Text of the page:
Thank you for registering your interest

Our whole ethos is centred around you, the student. Fill out this form and we’ll get back to you. Quickly.

Edinburgh Business School will use the information you have provided to contact you with information on our products and services. For more information see our terms and conditions.

Which Programme are you interested in?


Your details




What’s the problem?

Jane Priest, Teaching Fellow

Faculty Blog

Only Del Boy need apply

(Photo credit: kyz)

The problem with changing consumers’ attitudes is that attitudes do not always predict behaviour. Many people like Rolex watches but will never in their lifetime buy one. Many people know that smoking is bad for them but do it anyway. And many people have been intending to pay their car tax but just don’t get round to it.

So what’s the problem?

That’s the question asked by the UK Government’s ‘nudge unit’ (otherwise known as the cabinet office's behavioural insights team). The small team of academics, mostly economists and psychologists, was set up in 2010 to encourage people to make better choices for themselves, in turn saving the state lots of money.

The unit has had considerable success, trialling adjustments to the way choices are presented to ‘nudge’ people towards better behaviour like paying tax and court fines. Now plans are in place to start a joint-venture company, owned by the government, a private investor, and the staff themselves.

The ideas are often simple, based on a better understanding of people’s motivations for doing – or not doing – something.  For years governments have been trying to give people money to insulate their houses and reduce energy consumption. But what the nudge unit realised was that money wasn’t the problem; it was the clutter in people’s lofts. When the incentive was changed to subsidised loft clearance with unwanted belongings taken to the charity shop on the condition that they got the loft insulated afterwards, people loved it and uptake tripled. If the insulation was subsidised as well, the increase was fivefold.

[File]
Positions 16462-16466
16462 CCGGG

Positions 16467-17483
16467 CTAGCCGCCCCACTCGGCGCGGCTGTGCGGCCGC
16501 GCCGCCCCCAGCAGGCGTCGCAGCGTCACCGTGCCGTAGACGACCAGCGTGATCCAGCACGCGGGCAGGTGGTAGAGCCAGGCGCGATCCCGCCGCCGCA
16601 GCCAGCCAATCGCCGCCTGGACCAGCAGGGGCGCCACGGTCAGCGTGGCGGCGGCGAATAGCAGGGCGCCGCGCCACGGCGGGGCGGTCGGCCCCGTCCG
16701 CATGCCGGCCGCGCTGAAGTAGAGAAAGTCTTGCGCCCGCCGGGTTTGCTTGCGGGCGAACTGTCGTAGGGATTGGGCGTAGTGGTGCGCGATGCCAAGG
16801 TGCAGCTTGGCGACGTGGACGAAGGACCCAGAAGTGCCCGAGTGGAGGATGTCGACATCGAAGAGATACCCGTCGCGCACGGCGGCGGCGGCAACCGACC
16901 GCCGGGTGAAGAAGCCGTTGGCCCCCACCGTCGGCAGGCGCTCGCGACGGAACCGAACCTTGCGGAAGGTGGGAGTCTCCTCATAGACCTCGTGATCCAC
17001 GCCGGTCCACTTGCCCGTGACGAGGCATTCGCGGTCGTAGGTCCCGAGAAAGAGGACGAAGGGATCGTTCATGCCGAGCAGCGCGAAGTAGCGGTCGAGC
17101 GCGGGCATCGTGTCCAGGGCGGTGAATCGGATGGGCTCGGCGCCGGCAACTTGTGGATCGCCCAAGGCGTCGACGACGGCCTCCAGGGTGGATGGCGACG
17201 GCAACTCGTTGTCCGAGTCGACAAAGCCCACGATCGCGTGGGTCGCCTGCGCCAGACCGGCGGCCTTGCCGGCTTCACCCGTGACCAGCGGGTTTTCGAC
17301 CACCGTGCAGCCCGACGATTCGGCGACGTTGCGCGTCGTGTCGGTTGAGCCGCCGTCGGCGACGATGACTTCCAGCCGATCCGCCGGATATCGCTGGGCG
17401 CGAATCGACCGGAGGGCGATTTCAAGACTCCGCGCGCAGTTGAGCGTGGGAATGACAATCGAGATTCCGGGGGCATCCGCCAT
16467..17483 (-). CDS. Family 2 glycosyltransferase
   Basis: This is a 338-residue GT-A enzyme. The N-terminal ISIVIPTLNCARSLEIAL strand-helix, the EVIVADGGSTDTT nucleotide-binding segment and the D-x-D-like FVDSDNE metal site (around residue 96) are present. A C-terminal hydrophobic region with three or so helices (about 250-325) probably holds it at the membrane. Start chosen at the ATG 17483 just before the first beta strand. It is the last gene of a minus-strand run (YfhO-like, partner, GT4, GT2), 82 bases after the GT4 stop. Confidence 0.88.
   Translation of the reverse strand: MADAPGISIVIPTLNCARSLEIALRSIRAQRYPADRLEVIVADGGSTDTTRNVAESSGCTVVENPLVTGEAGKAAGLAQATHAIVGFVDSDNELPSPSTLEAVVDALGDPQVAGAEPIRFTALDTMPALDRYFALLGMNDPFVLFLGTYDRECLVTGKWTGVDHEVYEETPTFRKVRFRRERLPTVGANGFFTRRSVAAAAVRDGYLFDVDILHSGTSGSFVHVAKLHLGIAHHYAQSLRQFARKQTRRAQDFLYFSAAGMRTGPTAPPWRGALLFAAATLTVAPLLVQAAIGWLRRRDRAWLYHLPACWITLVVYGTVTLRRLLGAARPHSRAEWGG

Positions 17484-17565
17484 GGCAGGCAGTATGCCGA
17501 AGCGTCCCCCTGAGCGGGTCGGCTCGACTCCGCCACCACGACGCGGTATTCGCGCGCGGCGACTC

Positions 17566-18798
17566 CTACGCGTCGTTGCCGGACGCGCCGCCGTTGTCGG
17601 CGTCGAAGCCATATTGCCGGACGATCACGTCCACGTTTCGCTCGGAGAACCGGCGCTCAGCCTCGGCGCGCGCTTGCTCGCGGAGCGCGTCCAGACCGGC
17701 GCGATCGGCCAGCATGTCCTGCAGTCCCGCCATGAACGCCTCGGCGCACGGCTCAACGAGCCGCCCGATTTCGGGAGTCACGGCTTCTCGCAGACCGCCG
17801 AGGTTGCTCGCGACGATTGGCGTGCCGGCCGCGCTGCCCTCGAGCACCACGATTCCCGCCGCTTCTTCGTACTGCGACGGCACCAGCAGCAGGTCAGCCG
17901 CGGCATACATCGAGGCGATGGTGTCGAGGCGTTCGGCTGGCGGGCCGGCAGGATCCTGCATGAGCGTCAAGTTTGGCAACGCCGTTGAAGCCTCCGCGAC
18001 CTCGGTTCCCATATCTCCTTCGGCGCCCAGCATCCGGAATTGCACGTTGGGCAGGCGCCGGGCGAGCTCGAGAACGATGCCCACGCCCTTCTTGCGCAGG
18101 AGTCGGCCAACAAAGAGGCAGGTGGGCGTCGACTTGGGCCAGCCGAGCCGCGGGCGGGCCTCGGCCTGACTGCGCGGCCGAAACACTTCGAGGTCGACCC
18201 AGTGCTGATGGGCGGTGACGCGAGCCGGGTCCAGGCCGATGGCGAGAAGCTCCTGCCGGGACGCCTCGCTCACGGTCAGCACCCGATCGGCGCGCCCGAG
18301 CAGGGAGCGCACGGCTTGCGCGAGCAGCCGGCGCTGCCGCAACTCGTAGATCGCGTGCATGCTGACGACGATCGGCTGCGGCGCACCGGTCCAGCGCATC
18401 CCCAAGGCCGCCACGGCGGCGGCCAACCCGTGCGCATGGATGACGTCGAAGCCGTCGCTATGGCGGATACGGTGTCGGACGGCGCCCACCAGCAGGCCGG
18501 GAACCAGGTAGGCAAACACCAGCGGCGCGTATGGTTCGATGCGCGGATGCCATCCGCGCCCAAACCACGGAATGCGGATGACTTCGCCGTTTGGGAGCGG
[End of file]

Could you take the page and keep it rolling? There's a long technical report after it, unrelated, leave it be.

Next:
Another trial found that applying social pressure worked: people were more likely to repay income tax if the reminder letter included a startling statistic: that most people living in the recipient's town had already paid. Personalising consequences also worked: people were more likely to pay their road tax if the letter included an image of their own car in danger of being clamped and towed away.

But even if someone’s attitude towards the behaviour is strong, he or she still needs to have the ability to carry out the behaviour. The nudge unit’s response? Keep it simple. By using simple messages and processes, people feel more able – and probably are more able – to carry out the intended behaviour.

Consumer behaviour theory in practice!